Thursday, March 20, 2014

Professor Peregrine flies solo

What's it like for your significant other to deal with an academic?


I was just thinking last night about this topic.  You see, I’m a single female academic, so I live alone.  I don’t even have a cat.  That means that I have no one to vent to.  Sure, I could vent to Facebook, but no one wants that (to say nothing of the fact that I am “friends” with all of my colleagues.)  I could call some friends, but they probably just finished listening to their significant other vent to them about their work, or are in the midst of venting themselves.

This leaves me with two options: 1. Suck it up and 2. Talk out loud to myself and admit I’m a crazy person and THEN suck it up.

So, how do I manage?  Obviously, I suck it up.  I’m “lucky” in that there is another professor here who, while not single, is living alone and we vent to each other.  This is risky though, because of the politics involved, but it is the best solution for those times when I absolutely have to vent.

Also? This website helps.  Just reading about others’ experiences, knowing I’m not alone….that helps me suck it up.

-- Professor Peregrine


4 comments:

  1. Me. too - these sorts of spaces are really valuable for venting for us singles.

    I do have a cat but, being a cat, she shows me her butt and walks off as soon as I start to vent. NOT helpful.

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  2. Single here, too. More or less having given up having a life for having a career. Though I've recently made some changes that I hope will have a positive effect.

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  3. Me, three. Our departmental politics are all the weirder because we have a number of married couples in the department, so you often have to remember not only what projects the person to whom you're talking has contributed, but also which ones are associated with hir spouse (and there's also, of course, the whole tenure-track/non-tenure-track thing; conversations can only be so honest across that sort of class/privilege divide, especially since being married sometimes allows people to cross it -- but only with an outside offer, I'm pretty sure. Fair enough, but discouraging to those of us who don't have the option).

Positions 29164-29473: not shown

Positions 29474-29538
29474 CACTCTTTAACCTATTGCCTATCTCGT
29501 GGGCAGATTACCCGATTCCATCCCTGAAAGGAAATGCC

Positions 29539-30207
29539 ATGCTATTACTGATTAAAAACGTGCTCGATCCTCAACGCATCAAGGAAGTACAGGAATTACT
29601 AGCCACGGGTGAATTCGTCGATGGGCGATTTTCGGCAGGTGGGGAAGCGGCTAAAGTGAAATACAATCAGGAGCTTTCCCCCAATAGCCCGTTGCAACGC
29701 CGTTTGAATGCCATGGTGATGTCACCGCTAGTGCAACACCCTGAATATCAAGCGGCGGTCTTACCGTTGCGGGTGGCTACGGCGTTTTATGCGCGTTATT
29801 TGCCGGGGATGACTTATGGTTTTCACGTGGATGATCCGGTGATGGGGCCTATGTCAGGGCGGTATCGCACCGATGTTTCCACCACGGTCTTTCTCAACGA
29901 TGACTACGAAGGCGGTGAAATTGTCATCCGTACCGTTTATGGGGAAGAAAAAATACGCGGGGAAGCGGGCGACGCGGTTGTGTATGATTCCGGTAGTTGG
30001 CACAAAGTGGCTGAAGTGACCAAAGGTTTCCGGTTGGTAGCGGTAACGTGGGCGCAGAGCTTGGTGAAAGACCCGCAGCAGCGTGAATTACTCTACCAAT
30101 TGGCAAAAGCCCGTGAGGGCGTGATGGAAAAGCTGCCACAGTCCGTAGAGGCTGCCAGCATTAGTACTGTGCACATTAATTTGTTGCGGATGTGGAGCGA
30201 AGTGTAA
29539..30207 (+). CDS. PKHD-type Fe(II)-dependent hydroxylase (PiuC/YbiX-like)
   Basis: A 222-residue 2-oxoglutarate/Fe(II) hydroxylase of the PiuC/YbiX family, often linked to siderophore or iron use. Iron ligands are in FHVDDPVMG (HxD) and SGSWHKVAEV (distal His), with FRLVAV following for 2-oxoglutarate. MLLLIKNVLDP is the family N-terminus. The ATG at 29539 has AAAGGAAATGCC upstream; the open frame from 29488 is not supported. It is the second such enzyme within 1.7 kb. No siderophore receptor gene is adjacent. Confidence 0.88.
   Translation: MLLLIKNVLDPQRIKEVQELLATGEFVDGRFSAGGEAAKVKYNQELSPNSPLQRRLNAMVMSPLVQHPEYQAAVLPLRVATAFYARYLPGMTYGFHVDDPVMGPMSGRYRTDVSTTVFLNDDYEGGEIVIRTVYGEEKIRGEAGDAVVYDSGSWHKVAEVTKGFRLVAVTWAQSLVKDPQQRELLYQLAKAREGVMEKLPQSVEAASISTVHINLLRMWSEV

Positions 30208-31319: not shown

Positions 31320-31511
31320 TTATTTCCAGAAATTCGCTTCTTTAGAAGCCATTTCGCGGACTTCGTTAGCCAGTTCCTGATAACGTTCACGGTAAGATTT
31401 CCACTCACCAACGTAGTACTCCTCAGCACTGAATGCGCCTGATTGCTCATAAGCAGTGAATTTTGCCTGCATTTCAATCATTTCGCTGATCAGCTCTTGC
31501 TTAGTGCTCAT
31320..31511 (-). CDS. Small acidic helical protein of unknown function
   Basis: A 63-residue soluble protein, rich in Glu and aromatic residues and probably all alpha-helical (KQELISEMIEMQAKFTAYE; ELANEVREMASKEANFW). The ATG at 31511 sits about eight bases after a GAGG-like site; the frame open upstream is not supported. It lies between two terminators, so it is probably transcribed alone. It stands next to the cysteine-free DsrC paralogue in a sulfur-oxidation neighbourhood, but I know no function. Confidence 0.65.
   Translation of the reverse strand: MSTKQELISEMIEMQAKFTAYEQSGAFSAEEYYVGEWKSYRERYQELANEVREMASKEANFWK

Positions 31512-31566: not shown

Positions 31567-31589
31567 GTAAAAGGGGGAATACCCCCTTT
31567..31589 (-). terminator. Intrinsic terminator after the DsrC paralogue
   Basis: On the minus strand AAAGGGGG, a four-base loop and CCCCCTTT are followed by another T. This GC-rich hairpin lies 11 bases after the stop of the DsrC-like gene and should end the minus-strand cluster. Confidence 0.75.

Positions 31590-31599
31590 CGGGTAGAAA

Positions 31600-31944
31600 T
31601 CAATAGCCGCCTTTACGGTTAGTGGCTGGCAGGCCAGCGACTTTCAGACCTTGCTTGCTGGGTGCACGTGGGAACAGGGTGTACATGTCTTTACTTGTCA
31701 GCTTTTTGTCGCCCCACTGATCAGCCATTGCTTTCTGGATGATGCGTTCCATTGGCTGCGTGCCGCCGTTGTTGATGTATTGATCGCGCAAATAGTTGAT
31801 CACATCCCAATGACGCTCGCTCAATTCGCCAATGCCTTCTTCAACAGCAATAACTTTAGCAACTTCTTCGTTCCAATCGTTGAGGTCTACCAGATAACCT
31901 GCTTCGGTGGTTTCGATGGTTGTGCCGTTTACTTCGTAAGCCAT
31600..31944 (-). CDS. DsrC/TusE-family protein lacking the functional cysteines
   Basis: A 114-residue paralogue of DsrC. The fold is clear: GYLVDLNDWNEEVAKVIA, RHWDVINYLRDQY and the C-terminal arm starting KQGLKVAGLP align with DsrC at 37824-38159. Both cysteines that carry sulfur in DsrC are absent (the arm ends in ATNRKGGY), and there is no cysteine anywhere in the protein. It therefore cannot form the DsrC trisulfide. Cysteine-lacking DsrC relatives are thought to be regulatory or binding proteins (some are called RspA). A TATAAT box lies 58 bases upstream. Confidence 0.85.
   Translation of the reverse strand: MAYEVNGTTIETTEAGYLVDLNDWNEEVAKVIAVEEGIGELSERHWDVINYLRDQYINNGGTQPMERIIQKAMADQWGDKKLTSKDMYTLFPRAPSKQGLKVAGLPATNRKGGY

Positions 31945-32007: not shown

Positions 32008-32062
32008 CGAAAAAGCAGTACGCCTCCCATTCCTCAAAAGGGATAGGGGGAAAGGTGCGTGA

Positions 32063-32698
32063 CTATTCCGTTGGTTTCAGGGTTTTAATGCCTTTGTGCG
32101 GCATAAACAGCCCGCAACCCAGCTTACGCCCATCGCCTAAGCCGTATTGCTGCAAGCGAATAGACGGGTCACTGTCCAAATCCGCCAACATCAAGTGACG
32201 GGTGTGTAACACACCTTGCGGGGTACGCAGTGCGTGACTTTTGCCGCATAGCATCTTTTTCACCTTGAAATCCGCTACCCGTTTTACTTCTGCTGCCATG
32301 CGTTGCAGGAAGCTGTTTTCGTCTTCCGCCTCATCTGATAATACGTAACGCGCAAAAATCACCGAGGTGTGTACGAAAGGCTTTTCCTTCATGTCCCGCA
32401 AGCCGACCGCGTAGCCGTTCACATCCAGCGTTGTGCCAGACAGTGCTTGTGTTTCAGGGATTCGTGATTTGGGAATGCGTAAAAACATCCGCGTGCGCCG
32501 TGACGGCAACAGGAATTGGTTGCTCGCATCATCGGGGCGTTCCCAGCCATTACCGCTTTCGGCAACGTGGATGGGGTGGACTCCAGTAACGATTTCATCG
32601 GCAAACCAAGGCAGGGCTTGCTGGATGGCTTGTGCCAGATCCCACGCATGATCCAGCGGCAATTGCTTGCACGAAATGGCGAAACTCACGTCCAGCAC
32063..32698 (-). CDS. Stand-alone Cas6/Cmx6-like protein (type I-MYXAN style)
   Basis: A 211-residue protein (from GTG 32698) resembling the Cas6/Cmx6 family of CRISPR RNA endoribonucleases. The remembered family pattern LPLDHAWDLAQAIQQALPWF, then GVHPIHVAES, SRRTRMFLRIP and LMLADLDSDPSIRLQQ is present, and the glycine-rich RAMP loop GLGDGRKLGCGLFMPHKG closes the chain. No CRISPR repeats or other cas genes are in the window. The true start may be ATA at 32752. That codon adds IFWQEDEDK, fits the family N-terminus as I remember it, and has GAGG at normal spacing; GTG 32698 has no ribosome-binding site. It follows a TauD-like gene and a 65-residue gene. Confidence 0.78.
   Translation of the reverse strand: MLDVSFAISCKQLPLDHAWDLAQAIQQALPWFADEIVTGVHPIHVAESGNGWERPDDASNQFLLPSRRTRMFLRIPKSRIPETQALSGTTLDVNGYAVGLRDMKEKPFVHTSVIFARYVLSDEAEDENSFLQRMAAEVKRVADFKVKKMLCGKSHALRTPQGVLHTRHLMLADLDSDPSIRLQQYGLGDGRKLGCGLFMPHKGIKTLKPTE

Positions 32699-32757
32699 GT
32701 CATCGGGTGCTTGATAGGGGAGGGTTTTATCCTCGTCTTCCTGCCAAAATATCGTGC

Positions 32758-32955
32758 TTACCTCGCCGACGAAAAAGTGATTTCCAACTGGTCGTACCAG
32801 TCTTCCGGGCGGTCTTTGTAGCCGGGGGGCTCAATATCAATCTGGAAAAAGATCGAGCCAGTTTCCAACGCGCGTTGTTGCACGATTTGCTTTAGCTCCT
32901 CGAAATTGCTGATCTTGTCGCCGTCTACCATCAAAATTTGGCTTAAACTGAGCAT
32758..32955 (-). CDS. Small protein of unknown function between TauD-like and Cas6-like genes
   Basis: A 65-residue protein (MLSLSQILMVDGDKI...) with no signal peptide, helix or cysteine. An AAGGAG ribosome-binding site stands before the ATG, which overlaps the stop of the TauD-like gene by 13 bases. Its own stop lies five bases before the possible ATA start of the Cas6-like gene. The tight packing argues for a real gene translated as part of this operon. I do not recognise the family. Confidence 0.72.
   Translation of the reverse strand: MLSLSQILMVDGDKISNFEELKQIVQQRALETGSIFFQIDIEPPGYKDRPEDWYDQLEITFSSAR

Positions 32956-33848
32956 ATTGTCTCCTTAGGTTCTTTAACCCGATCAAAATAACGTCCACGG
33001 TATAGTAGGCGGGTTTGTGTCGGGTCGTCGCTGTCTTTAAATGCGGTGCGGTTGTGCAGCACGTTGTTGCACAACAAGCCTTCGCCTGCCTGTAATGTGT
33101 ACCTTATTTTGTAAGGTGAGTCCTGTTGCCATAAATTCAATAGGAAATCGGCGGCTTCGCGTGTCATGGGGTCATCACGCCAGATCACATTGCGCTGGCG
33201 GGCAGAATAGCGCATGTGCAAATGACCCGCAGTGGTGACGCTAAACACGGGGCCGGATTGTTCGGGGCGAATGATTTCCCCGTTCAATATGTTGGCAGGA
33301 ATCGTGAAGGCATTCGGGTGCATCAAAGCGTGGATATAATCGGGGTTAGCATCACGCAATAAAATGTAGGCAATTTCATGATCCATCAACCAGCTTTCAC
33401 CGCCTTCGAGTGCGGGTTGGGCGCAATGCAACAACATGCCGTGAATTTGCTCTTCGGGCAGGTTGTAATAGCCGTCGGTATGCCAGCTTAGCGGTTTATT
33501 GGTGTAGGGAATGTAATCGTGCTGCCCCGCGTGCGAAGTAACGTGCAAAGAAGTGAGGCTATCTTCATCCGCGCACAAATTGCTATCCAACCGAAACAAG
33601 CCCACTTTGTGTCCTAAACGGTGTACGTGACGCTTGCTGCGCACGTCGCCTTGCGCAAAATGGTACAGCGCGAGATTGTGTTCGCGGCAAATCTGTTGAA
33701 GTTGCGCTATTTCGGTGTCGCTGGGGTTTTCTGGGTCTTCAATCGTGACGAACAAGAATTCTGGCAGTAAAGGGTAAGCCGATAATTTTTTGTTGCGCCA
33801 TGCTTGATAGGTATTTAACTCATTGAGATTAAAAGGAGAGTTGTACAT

Whether married or single, I think it's best to have friends outside one's own institution (or at least department), and preferably outside academia. For me, church plays that role, and also serves as a place where I can talk pretty honestly (though perhaps not at great length) about the ups and downs of academic life, while also being reminded, by our discussions about poverty, inequality, social justice, etc. that, even if I'm on the lower end of the income scale for my community/church, I really don't have it bad at all. There are also some other academics at church, but they're mostly at other institutions, so that provides another dimension to the feeling of church as a safe space for venting/comparing notes/comparing experiences.

    I've also got some thoughts on whether being an academic leads to being single, but Ben pointed out to me when I sent in a post a week or so ago that I tend to write post-length comments. So maybe I'll stick those thoughts in a file and see if I can work them up into something a bit more post-like that picks up on Academaniac's comment, and fits with the current theme. For the moment, I'll say that I have had a cat, and that (notwithstanding the characteristic cat behavior to which Grumpy alludes) I would like to have one again (they do cuddle, and purr -- or at least some of them do. I like that. And I do tend to talk to animals, whether they appear to be listening or not.). At the moment, the physical chaos of my environment would need to be considerably reduced before I could introduce any but the oldest, most sedentary feline (and I can't afford the vet bills, or the anxiety, associated with a feline of that description; been there, done that, fairly recently).

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  4. Gee, whiz, if I didn't have a real-life girlfriend (and a major crush on Greta anyway), I'd say, Hello there!

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